“After 40 it’s patch, patch, patch.”Seen on a T-shirt
“After 60, it’s pitch, pitch, pitch.”Sally Daab Armstrong
Downsizing! It seems that I’m at it again!
My recent return to Vermont found me in a condo one-third smaller than the one I left in Michigan. Sorting, tossing, and recycling have been a necessity. It’s impossible to retain everything I brought with me, but another round of jettisoning the treasures and minutiae of my life has not been easy.
I was raised on the 1950s black and white Westerns…movies, and television shows…Gun Smoke, Ponderosa, and every Sunday night…Wagon Train. I was both distressed and curiously intrigued when inevitably, it became necessary to lighten the load and leave something along the trail. I’m not sure why but I found the jarring clang of a piano tossed from the back of a Conestoga or the crash of a crate of heirloom china being unceremoniously flung over the side especially heartbreaking. How did those people decide what to toss and what to keep? It’s hard to let go of things that connect us to other times and places, but in the end, they are just things. The memories and connections remain; it’s just “the stuff” that we lose.
Then again, couldn’t they keep just one of Grandma’s teacups? Maybe tucked into a flour sack? I suppose that’s what makes this task so challenging for me. I can only do it in stages. I keep the “just one thing” for now, but in a few months…as the purge continues…I might decide that it is indeed just a cup, not the memory, and I can set it free.
The famous Japanese lifestyle coach Marie Kondo says we should eliminate excess clutter and put away all the things from the past that no longer contribute to our lives. Thank each item in the Goodwill box for the joy it brought us or the comfort it provided, and then…as they sing in the Disney movie…let it go. I still have much more than I need in this tiny condo, but I’m getting better at bidding adieu to things that, at one time or another, I thought I couldn’t live without.
“Have gratitude for the things you’re discarding. By giving gratitude, you’re giving closure to the relationship with that object, and by doing so, it becomes a lot easier to let go.”Marie kondo
I’ve made many trips to Goodwill and The Restore and joined a local Buy-Nothing group. Everything offered in the group is free to whoever can use it. The next owner will continue to breathe life into my rejects, creating new histories instead of sending them to the landfill.
Knowing how difficult it is to reduce the inventory, I find it very curious…puzzling even…that I involuntarily slow down for anything along the road with a Free Sign. Who knows what sidewalk gold awaits me? Within split seconds, I’ve designed a new seat for the chair with the broken caning, and I’ve chosen a paint color that would add charm and delight, making it a lovely addition to my front porch. Then I remember…I don’t have a front porch, and I don’t need more stuff…especially broken, discarded stuff.
That doesn’t seem to stop me. I keep looking. I keep imaging.
“Without leaps of imagination or dreaming, we lose the excitement of possibilities. Dreaming, after all is a form of planning.”Gloria Steinem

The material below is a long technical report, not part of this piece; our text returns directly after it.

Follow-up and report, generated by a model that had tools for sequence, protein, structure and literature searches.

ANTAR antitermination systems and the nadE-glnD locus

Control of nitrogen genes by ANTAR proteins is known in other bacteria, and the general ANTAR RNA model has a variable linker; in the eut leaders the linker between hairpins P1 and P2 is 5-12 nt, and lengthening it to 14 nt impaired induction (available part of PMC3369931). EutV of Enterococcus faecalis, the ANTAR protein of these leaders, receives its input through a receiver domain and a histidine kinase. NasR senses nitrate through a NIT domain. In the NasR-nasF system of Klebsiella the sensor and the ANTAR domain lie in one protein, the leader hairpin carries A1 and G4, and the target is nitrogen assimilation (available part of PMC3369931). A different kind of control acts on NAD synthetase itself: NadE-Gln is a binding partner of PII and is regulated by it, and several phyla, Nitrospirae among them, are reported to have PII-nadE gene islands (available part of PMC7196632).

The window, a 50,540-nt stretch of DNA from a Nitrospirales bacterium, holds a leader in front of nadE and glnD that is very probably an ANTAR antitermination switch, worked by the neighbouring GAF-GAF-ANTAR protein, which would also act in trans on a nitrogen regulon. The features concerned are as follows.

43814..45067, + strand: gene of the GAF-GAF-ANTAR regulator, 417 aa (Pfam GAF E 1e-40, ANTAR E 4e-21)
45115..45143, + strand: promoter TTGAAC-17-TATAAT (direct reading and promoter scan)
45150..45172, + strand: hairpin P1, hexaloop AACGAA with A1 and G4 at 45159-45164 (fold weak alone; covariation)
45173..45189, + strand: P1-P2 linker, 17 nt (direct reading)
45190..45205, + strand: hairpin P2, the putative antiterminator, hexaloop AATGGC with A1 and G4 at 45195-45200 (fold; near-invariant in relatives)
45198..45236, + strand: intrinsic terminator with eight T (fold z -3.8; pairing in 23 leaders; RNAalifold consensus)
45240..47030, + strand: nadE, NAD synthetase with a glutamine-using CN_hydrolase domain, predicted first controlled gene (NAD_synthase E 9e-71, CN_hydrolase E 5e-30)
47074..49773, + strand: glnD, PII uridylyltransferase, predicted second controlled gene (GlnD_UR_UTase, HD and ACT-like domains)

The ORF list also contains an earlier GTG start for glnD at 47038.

Maybe I could repair the sagging shelves of the bookcase, repurpose the metal plantstand, or mend the flannel shirt. I wasn’t looking for another book to add to those next to my bed waiting to be read, but the cover is so shiny, and the title is intriguing. Could I successfully incorporate these finds into my life? This entire reaction generally lasts but a few seconds at best. Thankfully, my better angels take over, and I don’t come home with something new which would be destined for my giveaway box.
Buying second-hand, frequenting flea markets, looking for bargains, and hunting for treasure is nothing new and not certainly not unique to me. Perhaps this practice is one of the remaining vestiges of our days as Hunter-Gatherers. We don’t search for bargains and treasures out of greed, although there is an element of saving money and making the most advantageous transaction. It is more a matter of imagining our world just a wee bit differently. What would it be like to possess something new and unexpected? Could our world be different? Improved?
Maybe that’s true of ideas and thoughts as well. We keep what works, what gives us clarity and meaning. We’re open to new thoughts and imagine incorporating them into our lives but then, often as not, we drive on…leaving them in the grass at the edge of the road…without employing them or making them our own.
“You do not need to know precisely what is happening, or exactly where it is all going. What you need is to recognize the possibilities and challenges offered by the present moment, and to embrace them with courage, faith and hope.”Thomas merton
When I was a teenager, we often passed a rather ramshackle building on our way to the city. It always appeared ready to collapse. Held together with spit and a promise, it was filled to overflowing with all kinds of fascinating and enticing bits of wood and metal…Sleazeman’s Junk Emporium. It was a dilapidated, rundown collection of…well…junk, but the name was so clever and inviting. This memory reminds me to be careful what I bring into my house or into my thinking, for that matter. Sometimes what appears to be gratis is a costly problem with a jazzy name…the couch with fleas, the appliance with the wrong cord, or conclusions without basis in facts.
Sometimes one pays most for the things one gets for nothing.Albert einstein
And so…I slow down, look, and imagine even as the purging, shuffling, and reducing continues.
WARNING: Be very careful accepting any parcel post from me in the next few weeks. You may be an unsuspecting participant in my downsizing adventure. I imagine how any number of my cast-offs…I mean treasures…could change your life.